To these attackers and their defenders, we say this: ‘You do not represent the shared values that move our country forward.  These values recognize and embrace leadership from all walks of life, recognizing the strength of diversity. For more than 100 years, American women have fought to gain our rightful place in our government institutions.  We will not back down. You cannot erase our presence, nor keep us from taking our place as leaders of this great democracy. As you continue to judge and demean people by gender, country of origin, and skin color, we will take the high road. We will judge people by character and by actions alone.  We will never stop speaking out against the words and actions of those driven by sexism, racism, and xenophobia.

The Women’s Funding Network, its members and partners are steadfast in their support of women of ALL backgrounds who serve and aspire to serve our country in an elected capacity.

We support the active participation in our democracy by those who were not born here, but who have worked hard to become citizens and have pledged their loyalty to our country.  America has always been a country of immigrants. We do not turn our backs on these citizens, and we will not stand to let the actions of a few diminish the valuable contributions they have made to our society.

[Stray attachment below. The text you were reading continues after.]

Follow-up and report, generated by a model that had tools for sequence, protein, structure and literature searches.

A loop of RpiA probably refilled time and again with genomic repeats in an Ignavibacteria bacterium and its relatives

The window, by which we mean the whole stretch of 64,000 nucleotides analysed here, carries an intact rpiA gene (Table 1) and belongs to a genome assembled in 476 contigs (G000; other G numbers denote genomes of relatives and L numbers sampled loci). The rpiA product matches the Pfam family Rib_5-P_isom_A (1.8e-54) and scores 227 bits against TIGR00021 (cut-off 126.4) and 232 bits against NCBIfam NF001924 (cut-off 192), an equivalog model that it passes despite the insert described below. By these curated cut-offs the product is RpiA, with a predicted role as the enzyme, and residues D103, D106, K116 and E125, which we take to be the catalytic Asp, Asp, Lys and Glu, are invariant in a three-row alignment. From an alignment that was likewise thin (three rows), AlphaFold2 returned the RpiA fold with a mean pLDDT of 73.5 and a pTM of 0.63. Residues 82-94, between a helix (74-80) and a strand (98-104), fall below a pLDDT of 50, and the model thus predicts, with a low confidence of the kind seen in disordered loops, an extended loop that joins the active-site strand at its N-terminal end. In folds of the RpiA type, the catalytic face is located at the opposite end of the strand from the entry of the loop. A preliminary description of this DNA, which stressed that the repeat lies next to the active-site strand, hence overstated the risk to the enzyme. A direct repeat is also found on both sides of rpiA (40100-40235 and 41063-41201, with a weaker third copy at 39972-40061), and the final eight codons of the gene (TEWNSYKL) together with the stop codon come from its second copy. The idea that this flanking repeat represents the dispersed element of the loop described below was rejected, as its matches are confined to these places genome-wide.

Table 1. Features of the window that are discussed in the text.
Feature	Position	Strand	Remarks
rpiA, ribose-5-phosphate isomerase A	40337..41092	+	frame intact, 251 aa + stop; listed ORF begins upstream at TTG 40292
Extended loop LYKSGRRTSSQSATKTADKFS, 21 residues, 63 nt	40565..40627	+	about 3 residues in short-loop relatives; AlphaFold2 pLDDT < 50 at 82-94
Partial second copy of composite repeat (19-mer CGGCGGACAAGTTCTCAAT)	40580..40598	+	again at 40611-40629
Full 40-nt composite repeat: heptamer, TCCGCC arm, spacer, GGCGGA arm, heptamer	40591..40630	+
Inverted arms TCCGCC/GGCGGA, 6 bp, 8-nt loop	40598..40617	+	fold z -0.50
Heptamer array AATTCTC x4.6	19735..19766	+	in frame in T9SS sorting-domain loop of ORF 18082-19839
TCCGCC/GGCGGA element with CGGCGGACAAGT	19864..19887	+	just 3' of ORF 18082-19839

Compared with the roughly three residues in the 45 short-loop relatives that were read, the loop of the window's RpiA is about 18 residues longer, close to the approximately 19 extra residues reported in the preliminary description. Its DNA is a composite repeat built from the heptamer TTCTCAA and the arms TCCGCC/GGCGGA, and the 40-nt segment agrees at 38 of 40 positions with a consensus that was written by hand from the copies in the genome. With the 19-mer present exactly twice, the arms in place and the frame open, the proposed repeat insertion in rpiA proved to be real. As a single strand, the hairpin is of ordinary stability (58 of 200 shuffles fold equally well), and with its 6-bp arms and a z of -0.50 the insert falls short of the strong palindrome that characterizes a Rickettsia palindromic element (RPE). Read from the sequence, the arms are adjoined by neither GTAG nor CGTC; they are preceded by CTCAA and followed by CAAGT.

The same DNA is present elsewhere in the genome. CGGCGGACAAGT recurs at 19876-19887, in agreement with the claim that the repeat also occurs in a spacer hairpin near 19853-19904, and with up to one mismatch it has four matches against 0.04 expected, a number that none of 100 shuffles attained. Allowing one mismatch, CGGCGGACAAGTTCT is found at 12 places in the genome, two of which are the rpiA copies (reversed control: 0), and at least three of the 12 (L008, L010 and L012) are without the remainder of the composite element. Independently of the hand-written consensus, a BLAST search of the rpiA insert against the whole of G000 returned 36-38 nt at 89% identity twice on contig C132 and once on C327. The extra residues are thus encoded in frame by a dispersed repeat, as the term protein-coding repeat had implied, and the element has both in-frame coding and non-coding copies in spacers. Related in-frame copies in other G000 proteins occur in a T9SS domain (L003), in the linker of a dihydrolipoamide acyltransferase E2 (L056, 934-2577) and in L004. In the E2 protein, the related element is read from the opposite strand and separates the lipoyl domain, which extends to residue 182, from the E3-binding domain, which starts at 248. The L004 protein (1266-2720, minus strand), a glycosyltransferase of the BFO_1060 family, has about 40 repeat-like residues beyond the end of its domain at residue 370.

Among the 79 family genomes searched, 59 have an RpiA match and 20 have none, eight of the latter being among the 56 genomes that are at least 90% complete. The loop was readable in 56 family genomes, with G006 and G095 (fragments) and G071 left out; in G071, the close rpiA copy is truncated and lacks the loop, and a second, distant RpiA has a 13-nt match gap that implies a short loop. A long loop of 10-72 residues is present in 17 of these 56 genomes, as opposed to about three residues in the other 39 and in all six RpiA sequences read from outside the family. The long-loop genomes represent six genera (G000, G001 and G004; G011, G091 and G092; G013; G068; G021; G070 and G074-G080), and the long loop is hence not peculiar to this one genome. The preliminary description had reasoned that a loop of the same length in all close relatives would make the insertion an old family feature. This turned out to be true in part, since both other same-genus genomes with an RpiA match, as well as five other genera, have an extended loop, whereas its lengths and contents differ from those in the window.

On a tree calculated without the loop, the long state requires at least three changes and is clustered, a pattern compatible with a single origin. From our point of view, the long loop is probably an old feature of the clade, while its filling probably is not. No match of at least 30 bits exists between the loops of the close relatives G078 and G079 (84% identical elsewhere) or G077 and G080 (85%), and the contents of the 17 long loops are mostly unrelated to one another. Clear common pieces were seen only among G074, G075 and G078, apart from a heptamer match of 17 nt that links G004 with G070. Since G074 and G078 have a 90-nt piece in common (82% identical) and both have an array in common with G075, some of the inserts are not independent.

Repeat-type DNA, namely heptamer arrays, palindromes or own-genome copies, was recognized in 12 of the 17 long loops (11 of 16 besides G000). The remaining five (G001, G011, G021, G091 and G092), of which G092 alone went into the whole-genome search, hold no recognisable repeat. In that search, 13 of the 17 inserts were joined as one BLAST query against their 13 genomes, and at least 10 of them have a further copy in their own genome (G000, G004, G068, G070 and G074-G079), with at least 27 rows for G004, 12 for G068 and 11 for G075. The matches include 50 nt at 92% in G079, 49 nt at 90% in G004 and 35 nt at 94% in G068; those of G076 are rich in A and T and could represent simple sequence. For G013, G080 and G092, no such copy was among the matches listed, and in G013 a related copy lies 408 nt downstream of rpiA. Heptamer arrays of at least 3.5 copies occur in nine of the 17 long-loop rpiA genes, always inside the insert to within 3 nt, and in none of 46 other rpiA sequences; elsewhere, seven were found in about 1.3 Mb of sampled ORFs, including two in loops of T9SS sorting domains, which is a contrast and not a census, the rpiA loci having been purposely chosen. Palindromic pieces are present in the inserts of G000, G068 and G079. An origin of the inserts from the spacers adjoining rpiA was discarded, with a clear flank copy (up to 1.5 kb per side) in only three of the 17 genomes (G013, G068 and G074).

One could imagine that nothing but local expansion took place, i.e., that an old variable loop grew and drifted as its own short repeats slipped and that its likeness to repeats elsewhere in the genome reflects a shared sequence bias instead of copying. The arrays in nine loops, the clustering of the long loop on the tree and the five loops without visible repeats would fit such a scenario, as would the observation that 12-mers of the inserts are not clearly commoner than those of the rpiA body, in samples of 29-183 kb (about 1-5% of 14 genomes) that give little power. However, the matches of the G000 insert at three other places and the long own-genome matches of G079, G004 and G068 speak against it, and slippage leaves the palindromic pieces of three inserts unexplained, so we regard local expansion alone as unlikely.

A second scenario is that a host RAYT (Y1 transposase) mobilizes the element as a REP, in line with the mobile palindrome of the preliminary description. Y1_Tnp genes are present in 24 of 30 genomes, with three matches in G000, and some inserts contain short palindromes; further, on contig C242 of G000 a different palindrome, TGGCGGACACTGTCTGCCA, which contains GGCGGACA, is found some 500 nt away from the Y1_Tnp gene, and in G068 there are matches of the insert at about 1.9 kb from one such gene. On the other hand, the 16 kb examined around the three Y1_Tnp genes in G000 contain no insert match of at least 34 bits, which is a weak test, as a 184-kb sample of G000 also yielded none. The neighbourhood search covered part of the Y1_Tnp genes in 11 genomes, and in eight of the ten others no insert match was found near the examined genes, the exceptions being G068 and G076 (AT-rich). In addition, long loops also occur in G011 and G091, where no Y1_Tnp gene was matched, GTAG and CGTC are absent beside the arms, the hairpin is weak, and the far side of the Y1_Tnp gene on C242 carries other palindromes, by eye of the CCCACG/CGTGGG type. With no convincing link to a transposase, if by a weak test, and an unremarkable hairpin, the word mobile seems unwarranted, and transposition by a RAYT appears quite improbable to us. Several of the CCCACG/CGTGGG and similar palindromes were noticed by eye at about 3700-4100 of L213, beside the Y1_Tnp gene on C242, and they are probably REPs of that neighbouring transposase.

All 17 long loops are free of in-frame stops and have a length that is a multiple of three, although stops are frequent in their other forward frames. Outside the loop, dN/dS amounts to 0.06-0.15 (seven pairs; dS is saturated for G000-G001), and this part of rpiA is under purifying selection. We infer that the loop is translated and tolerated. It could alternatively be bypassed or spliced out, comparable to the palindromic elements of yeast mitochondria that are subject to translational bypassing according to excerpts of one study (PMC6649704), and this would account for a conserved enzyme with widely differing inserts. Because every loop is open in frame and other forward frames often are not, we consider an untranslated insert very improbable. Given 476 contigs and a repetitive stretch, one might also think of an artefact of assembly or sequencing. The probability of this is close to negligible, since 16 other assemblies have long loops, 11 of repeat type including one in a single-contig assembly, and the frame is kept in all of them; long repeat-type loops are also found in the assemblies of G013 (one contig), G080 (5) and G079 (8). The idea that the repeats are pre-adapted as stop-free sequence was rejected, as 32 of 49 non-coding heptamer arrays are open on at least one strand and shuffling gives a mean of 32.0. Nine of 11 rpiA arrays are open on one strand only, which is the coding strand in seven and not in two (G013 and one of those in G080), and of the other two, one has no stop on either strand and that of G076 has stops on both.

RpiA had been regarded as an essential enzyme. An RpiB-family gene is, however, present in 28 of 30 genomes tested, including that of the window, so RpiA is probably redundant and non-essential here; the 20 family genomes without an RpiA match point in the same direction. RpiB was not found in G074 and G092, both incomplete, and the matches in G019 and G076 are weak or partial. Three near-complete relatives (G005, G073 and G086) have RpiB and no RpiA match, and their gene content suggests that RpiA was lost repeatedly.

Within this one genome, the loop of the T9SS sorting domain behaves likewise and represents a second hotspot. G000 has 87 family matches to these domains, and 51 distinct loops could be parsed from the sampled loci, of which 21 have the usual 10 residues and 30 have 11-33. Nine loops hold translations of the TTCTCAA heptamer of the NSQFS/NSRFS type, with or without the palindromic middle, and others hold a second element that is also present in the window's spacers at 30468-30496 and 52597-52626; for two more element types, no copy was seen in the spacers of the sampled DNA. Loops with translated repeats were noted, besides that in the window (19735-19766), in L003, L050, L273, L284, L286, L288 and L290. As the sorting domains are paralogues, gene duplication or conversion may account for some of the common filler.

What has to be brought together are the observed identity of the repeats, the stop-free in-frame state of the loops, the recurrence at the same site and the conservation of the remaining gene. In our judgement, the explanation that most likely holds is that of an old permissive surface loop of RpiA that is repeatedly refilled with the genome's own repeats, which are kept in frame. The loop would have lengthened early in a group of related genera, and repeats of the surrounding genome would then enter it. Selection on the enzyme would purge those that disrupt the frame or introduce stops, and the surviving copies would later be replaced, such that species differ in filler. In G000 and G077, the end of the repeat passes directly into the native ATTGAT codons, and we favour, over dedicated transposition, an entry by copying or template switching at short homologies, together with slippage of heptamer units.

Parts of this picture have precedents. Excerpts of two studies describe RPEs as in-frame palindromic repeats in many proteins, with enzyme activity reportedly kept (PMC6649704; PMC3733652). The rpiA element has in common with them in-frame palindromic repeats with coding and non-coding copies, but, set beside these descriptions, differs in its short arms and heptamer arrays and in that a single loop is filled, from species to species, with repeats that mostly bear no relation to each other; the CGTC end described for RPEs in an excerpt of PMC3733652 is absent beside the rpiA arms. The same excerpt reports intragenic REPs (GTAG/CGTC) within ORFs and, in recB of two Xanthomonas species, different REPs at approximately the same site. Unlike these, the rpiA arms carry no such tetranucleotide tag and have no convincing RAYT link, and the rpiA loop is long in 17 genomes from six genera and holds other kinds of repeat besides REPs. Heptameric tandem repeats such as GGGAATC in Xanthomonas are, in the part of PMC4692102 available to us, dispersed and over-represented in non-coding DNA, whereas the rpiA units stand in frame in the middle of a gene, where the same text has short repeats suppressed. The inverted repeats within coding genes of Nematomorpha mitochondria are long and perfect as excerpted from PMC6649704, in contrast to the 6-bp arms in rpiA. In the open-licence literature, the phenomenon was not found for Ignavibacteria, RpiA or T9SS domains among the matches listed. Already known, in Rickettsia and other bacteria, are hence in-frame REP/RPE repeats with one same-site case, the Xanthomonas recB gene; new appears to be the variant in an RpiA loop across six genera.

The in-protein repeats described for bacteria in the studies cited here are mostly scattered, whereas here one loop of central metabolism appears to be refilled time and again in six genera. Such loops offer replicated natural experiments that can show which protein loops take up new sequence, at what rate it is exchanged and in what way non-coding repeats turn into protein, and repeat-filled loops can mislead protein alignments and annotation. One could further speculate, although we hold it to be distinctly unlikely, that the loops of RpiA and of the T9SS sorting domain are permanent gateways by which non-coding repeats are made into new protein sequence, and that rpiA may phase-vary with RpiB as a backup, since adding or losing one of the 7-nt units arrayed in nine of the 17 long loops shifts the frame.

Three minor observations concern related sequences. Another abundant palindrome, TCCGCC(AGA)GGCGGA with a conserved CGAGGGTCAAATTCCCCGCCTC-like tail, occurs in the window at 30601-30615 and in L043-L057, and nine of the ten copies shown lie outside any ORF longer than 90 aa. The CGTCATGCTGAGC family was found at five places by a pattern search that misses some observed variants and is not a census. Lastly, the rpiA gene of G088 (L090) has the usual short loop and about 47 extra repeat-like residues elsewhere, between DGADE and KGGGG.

Your words were intended to divide. They did not. Together we stand, more united than ever.

This past Saturday, WFRI joined with the Women’s Fund of Southeastern Massachusetts and VoteRunLead to provide training to 60 women considering a run for political office. Participants practiced campaign “stump” speeches on the changes they wanted to make in their communities. When WFRI last ran this program in 2017, 18% of the participants ran for office and of those who ran, 60% won their seats.

The 19th Amendment to the U.S Constitution became law on August 26, 1920, giving women the right to vote. This date is now recognized nationwide as Women’s Equality Day. In preparation for the 100th Anniversary of this landmark decision, several organizations and volunteers are banding together to increase voter registration and the number of people voting in 2020.